Have a climb to remember in the Glass House Mountains
Nestled in the lush Sunshine Coast hinterland are the national heritage-listed Glass House Mountains, a series of striking jagged peaks rising up dramatically from the earth. They are remnants of eroded volcanoes from around 25 million years ago. The tallest is Mt Beerwah, at 556 metres above sea level.
The best way to discover this unique area is on foot. There are ample bushwalks and signed trails meandering around these monolithic peaks. Glass House Mountains Lookout, along the Glass Houseâ€“Woodford road, offers the perfect vantage point to start your journey.
Just a couple of kilometres down the road, take the 3.3km circuit around the base of Mt Tibrogargan. This mountain is often called Monkey Face and if you look upwards the top section does resemble a giant gorilla.
The walk winds past casuarina groves and open eucalypt forests. It starts out with a steep incline, but after that itâ€™s a reasonably easy walk. Along the way youâ€™ll cross several ornate man-made stone bridges, surrounded by leafy emerald ferns and looking just like the little bridges in childrenâ€™s fairytales. Close your eyes for a moment and you can almost imagine a troll peeping out from underneath.
The area does have a mystical, magical quality â€” and itâ€™s little wonder. The Glass House Mountains is rich in history and colourful Aboriginal legend. Each of the mountains bears an Aboriginal name and the legend weaves an intricate tale about the â€œfamilyâ€ of mountains.
One son, Mt Coonowrin, has a craggy peak because the father, Mt Tibrogargan, struck him on the neck for failing to help the mother, Beerwah, escape the rising floodwaters. Tibrogarganâ€™s tears at his sonâ€™s cowardice represent the many streams in the area that flow out to sea.
Captain James Cook was the first European to sight the mountains in 1770; he gave them their unique name because he said they resembled the glass furnaces of his native Yorkshire.
To experience an unforgettable outdoor adventure, strap on your hiking boots and climb to the summit of one of the mountains.
The gently sloping Mt Beerburrum (278m) is a fairly moderate climb but enough to get your heart pumping! The concrete track has a steep gradient. There are rock benches along the way, so take a break and check out the view. The climb takes you past rainforest plants including native ginger, cordylines and maidenhair ferns. Keep an eye out for a scarred hardwood tree that was struck by lightning: look carefully and youâ€™ll see climbing notches cut into the tree centuries ago by Aborigines.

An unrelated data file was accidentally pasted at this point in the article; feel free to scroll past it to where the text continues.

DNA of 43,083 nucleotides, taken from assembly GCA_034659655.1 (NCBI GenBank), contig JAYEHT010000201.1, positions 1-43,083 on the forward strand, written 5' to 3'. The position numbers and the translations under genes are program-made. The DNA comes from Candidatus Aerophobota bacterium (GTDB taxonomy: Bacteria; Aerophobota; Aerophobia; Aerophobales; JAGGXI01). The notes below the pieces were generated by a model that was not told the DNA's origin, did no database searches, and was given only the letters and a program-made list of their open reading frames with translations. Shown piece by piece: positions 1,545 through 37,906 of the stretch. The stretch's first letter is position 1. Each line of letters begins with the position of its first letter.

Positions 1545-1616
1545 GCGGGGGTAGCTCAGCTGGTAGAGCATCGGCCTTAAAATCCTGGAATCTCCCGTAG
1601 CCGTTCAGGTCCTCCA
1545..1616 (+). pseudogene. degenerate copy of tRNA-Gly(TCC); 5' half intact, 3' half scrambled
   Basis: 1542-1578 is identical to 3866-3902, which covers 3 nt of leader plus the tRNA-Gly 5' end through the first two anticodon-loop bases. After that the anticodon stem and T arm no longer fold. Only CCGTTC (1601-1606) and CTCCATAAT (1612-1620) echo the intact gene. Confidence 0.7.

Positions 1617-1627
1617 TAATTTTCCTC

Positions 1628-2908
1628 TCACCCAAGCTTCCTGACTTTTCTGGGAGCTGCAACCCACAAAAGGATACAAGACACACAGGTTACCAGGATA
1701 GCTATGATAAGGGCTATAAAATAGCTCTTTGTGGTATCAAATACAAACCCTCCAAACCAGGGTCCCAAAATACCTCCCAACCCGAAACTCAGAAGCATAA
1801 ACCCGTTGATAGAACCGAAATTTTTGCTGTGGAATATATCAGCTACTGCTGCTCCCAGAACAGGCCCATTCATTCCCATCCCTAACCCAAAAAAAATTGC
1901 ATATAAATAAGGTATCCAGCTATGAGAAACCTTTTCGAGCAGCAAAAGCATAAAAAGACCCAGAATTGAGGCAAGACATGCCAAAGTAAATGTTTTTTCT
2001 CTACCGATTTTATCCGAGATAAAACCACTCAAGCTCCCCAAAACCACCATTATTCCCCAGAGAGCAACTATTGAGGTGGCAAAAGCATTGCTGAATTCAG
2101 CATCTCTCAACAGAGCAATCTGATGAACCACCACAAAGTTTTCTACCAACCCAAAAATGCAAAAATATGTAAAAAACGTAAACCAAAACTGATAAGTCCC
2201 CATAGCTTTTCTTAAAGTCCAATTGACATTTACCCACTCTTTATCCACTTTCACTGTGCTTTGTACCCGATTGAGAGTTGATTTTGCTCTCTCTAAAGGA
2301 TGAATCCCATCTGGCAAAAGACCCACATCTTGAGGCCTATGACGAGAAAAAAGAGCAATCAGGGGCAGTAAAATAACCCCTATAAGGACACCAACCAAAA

The track opens up and light spills through, making way for more native species such as brush boxes and native grass. At the summit you can sit on the ancient rocky outcrop where navigator Matthew Flinders stood two centuries ago. These days thereâ€™s a fire tower at the very top; climb it and youâ€™ll see Moreton Island, Bribie Island and Pumicestone Passage, while to the west the Dâ€™Aguilar Range provides a breathtaking backdrop. To the summit and back is roughly a 1.4km walk, so allow one and a half hours return.
If you feel like a bit more of a challenge you can climb Mt Ngungun (253m); youâ€™ll need a moderate level of fitness to tackle this two-kilometre return climb. It starts with a slow incline and takes you past scribbly gums (some still show traces of the wildfires that swept through the district in 1994). As you traverse the mountain, listen for the distinctive â€œwee lawâ€ cry of the yellow-tailed black cockatoo â€” flocks of birds fly through the area.
As you climb the stark, sheer-sided rock face youâ€™ll pass a vast shallow cave, to be rewarded at the summit with a 360-degree view of all the jagged mountain peaks and below, a striking patchwork quilt of farmlets. Avocadoes, pineapples and macadamias are grown in the region.
A cautionary tale
To scale Mt Beerwah and Mt Tibrogargan (364m), the Environmental Protection Agency cautions high levels of physical fitness are required; some rock climbing and rock scrambling skills are recommended as well. Mt Coonowrin is now closed to the public because of dangers of rock falls.
Play it safe. Make sure you carry water, sunscreen and insect repellent, wear sturdy shoes and set off on your walk with ample time to return before nightfall. Local SES volunteers will attest to the scores of hapless climbers theyâ€™ve plucked off the mountains over the years who were not prepared.
To get there, take the Bruce Highway north from Brisbane, exit at Steve Irwin Way and follow the signs.